5 Ways to Be Good Stewards of Our Money

“Everything has been entrusted to our protection,” says Pope Francis. I believe this includes our finances.

We’ve all heard of money-related horror stories. Personally, my dad lost several thousand dollars dabbling in mining stocks. I have friends who lost their house during the financial crisis. Many of us feel the crushing load of student loan debt.

“Do not bury your talents! Set your stakes on great ideals,” says Pope Francis. But money remains a leading cause of stress and often puts a serious strain on relationships. It can prevent us from living our lives to the fullest.

If we are able to take control of our finances and make prudent financial decisions, we can more easily set our hearts on things that matter most to us –our family, our health, our highest aspirations.

How can we be more responsible stewards of God’s monetary gifts?

Manage your student loan burden. Student loan debt is the biggest financial concern for millions of millennials. But there is light at the end of the tunnel. Lower your monthly payments by calling your federal student loan provider and ask if you qualify for either the Pay As You Earn or Income-Based Repayment plan. These will limit your monthly payments to 10-15% of your discretionary income.

If you work for the government or a non-profit, you can get rid of all outstanding federal student loans after 10 years through the Public Service Loan Forgiveness Program.

Lower your monthly payments on your private student loans by refinancing those that have an interest rate of more than 6%. A client of mine refinanced her $65,000 student loan and was able to lower her payments by more than $200 a month.

Use technology to stick to a spending plan. Download a free budgeting app in your phone. I use Mint.com to keep track of all my spending. But when I feel like I’m not hitting my savings goal, I use GoodBudget. It helps me be more in control with my spending habit, since I have to manually enter each transaction (which takes 2 seconds).

Don’t let a $35,000 entry- level job discourage you from saving. I used to work for a non-profit that paid in that range and still managed to build my emergency and retirement fund by following a spending plan.

Build your credit score. The average millennial credit score is 625 – in the subprime category. That’s likely because an estimated two-thirds of millennials do not have credit cards and a quarter have missed paying a bill.

It takes a contrite heart, God’s mercy, and 5 minutes of confession to wash away our sins. But an accidental late payment will remain on our credit report for 7 years and drag our scores down.

Set up payment reminders. If you happen to miss a payment, call your credit card company and request a waiver. Establish a credit history by opening a credit card, but only use up to 10% of your credit limit. Don’t close unused credit cards, especially the older ones. The longer your credit history, the higher your credit score will be. Read more on how to improve your credit score.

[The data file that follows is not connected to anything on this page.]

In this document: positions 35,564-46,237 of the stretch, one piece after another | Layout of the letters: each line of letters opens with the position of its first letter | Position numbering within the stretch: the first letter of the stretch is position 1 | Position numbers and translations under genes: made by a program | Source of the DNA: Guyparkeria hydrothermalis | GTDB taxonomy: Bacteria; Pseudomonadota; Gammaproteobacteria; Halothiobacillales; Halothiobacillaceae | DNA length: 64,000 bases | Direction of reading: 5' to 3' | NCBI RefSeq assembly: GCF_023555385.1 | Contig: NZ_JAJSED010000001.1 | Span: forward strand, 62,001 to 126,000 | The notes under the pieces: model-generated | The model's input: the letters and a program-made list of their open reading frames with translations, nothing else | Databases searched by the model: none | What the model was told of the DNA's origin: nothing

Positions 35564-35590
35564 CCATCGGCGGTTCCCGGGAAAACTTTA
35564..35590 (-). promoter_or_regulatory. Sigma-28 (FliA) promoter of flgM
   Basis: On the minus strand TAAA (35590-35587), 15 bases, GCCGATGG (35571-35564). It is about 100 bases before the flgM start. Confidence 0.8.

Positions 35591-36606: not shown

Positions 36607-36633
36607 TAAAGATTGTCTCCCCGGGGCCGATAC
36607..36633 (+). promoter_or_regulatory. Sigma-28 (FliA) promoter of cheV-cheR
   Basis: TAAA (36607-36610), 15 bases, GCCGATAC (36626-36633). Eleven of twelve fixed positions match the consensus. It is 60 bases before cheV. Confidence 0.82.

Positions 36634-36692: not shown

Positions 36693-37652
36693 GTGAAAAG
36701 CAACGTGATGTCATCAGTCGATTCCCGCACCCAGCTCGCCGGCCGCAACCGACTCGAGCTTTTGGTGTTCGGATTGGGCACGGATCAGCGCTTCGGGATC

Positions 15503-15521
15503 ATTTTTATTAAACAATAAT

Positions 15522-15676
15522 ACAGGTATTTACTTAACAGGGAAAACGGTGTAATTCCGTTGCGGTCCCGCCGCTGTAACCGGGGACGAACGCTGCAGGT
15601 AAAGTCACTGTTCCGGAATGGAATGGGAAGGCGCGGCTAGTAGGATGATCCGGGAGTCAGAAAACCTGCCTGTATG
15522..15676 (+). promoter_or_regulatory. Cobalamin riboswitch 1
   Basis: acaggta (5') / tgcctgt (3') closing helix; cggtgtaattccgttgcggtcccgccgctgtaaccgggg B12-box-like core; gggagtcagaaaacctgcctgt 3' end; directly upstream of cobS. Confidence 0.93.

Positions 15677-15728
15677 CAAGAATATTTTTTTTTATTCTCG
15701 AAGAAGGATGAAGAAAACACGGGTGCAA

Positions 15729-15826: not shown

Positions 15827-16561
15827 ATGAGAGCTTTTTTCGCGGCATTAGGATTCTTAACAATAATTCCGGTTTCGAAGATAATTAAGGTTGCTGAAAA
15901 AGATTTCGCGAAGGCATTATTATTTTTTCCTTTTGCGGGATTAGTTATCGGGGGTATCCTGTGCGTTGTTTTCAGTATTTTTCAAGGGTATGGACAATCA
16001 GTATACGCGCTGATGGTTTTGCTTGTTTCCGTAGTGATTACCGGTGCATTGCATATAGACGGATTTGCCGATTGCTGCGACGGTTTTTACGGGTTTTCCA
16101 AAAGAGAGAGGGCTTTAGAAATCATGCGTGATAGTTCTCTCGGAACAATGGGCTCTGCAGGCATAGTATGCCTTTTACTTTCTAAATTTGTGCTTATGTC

If you follow these tips, you can save up to $70,000 when you get your first mortgage (through lower interest payments). Having an excellent credit score can also help you secure a managerial position in the future (a requirement by some employers).

Max out your 401k contribution. You might even get free money from your employer. Place it in a target retirement fund. This will automatically diversify your portfolio across major types of investments (U.S. stocks, international stocks, bonds).

After you switch jobs, roll it over to a low-cost IRA like Vanguard. You’ll save on fees, which can translate to thousands of dollars in investment gains. If you feel strongly about social and environmental justice, look for a socially responsible stock fund. Nowadays, you can even go fossil-fuel free!

Work with a certified financial planner. Multiple studies show that those who use a financial planner build significantly more wealth and are more confident about managing their money.

But not all financial advisors are the same. A White House report released in February 2015 showed that working and middle class families lose $17 billion a year due to hidden fees charged by brokers. Look for those who have passed the CERTIFIED FINANCIAL PLANNER board exam. In addition to their expertise, they have sworn to act in your best interest.

It’s like having a Spiritual Director. You mostly likely don’t have one, and wouldn’t know where to find a good one. But when you do, he or she can help you be a more responsible steward of your finances and help you focus on living a life of service.

The Bible tells us that the love of money is the root of all kinds of evil and Jesus warns against placing mammon above God, but we are also called to be responsible stewards of all that we are given. By making prudent decisions with our finances, we can remove burdens and stresses that make it difficult to flourish as a person—emotionally, physically, and even spiritually. And we can use our resources to benefit the lives of others as God intended.

Alvin Carlos is a Financial Planner and Managing Partner of District Capital Management, a new kind of financial planning and investment management firm for the everyday people.